Corneal Epithelial Defect

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Disease Entity


Corneal epithelial defects are focal areas of epithelial (outermost corneal layer) loss; they can be due to mechanical trauma, corneal dryness, neurotrophic disease, post surgical changes, infection, or any other of a variety of etiologies. Corneal epithelial defects are one of the most commonly seen ocular pathologies in the general patient population.


Corneal epithelial defects can occur by a variety of means.

  • Mechanical trauma ( e.g. fingernail scratch, edge of contact lens, foreign body in the lid/fornices, trichiasis/distichiasis, chemical exposure, etc)
  • Exposure ( e.g. neurotrophic diseases causing incomplete lid closure (such as palsy of the 7th cranial nerve or Bell's palsy), restrictive eyelid diseases, proptosis / exophthalmos, decreased consciousness in drug abuse or comatose state, blepharoplasty that overcorrects ptosis, lagophthalmos, etc)
  • Ultraviolet burns (e.g. welding, prolonged sun exposure off reflective surfaces)
  • Decreased tear production (due to side effects of topical or systemic medications, Sjogren’s syndrome, vitamin A deficiency, etc)
  • Limbal stem cell deficiency (failure to regenerate epithelial cells may be due to chronic contact lens wear, chemical burns, a history of ocular surgery, ocular autoimmune degenerations, etc)
  • Topical anesthetic abuse
  • Neurotrophic keratopathy (e.g. corneal hypoesthesia or anesthesia caused by damage to the trigeminal nerve, HSV, VZV, diabetes, topical drop toxicity, etc)

Risk Factors

Refer to Etiology

Primary prevention

Modification of risk factors for corneal abrasions including protective eye wear for UV exposure and foreign bodies, treatment of pre-existing corneal dryness/dry eye syndrome, abstaining from eye rubbing, etc.


When visualizing corneal defects, fluorescein dye is instilled either as a liquid drop (mixed with a topical anaesthetic) or via a fluorescein impregnated paper strip after the instillation of topical anaesthetic. The dye is visualized using a cobalt-blue filter which causes the dye to fluoresce a bright green color. Fluorescein does not stain intact corneal epithelium but does stain corneal stroma, thus demarcating the area of the epithelial loss. The distribution, size and shape of the corneal defect will vary depending on the etiology (e.g. thin, linear defect for fingernail scratch, whole corneal surface defect for an extensive chemical burn, inferior corneal irregular defect for lid abnormalities/lagophthalmos).


A focal area of corneal fluorescein uptake is an obligatory sign. Conjunctival injection is frequently present on the ipsilateral side of the corneal defect. Periorbital skin or lid changes are present variably given the etiology of the defect (e.g. skin burns with chemical exposures, periorbital trauma in post-motor vehicle collision defects, poor lid closure in exposure defects).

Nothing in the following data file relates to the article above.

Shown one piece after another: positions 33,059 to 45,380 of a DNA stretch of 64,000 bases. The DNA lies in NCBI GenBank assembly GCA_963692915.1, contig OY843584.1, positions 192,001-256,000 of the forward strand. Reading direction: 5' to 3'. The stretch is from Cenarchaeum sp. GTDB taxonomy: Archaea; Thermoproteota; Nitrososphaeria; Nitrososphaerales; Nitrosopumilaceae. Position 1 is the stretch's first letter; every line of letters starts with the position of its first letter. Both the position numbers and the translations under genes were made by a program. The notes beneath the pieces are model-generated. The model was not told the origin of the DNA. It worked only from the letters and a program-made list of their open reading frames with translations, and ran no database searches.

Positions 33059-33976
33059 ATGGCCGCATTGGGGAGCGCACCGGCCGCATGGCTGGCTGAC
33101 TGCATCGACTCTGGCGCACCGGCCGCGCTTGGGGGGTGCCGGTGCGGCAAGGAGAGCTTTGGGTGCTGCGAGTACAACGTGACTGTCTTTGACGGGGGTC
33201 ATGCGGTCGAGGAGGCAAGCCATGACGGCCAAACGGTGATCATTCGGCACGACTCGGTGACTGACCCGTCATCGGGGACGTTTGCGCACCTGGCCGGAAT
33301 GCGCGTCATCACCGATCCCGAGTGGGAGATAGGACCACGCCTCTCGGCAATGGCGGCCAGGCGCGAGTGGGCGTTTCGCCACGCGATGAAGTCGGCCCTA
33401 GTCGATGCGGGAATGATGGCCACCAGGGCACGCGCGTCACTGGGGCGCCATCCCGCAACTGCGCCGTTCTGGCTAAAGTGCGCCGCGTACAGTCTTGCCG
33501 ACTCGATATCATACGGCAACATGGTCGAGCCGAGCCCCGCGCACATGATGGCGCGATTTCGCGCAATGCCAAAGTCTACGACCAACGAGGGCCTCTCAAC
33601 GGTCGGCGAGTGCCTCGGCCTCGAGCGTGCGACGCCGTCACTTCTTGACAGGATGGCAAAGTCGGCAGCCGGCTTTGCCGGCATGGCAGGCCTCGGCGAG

Symptoms include pain, tearing and foreign body sensation of the affected eye (the exception being neurotrophic keratopathy) which are commonly alleviated by the instillation of topical anaesthetic. They can also be accompanied by photophobia, pain with blinking and pain with eye movement.


Corneal epithelial defects accounted for 10% of all eye-related emergency room visits in the early 1990s. They are a common, and frequently overlooked, ocular pathology. Specific occurrences vary by etiology of epithelial defect.

Physical Exam

A thorough history is required to determine the etiology of the corneal defect. Similarly, a thorough exam of both eyes is needed because in many cases of systemic diseases or trauma both eyes can be affected.


Several techniques exist for the management of corneal epithelial defects. Which technique is utilized depends on the defect's extent, patient compliance and provider preference. For small defects, observation is an acceptable treatment, with or without topical antibiotics to prevent infection given the mechanism of injury or provider suspicion. For large defects, bandage contact lenses and pressure patching can be administered in patients with history of good follow up. The goal of treatment is to provide patient comfort and prevent infection as the limbal stem cell regenerate the corneal epithelium.

Topical anesthetics are not considered to be helpful in the treatment of corneal epithelial defects due to the concern for topical anesthetic abuse and masking of worsening pain/symptoms/infection by continuous anesthesia.

Medical follow up

Patients should be followed closely in the clinic to ensure resolution of the defect and to monitor for signs of infection.

Additional Resources

  1. External Disease and Cornea. Basic and Clinical Science Course, Section 8. San Francisco: American Academy of Ophthalmology. 2017-2018
  2. American Academy of Ophthalmology. Persistent corneal epithelial defect. Practicing Ophthalmologists Learning System, 2017–2019 San Francisco: American Academy of Ophthalmology, 2017.
  3. Practical Ophthalmology, 6th Edition. San Francisco: American Academy of Ophthalmology. 2009
  4. Shields T, Sloane PD. A comparison of eye problems in primary care and ophthalmology practices. Fam Med. Sep-Oct 1991;23(7):544-6. [Medline].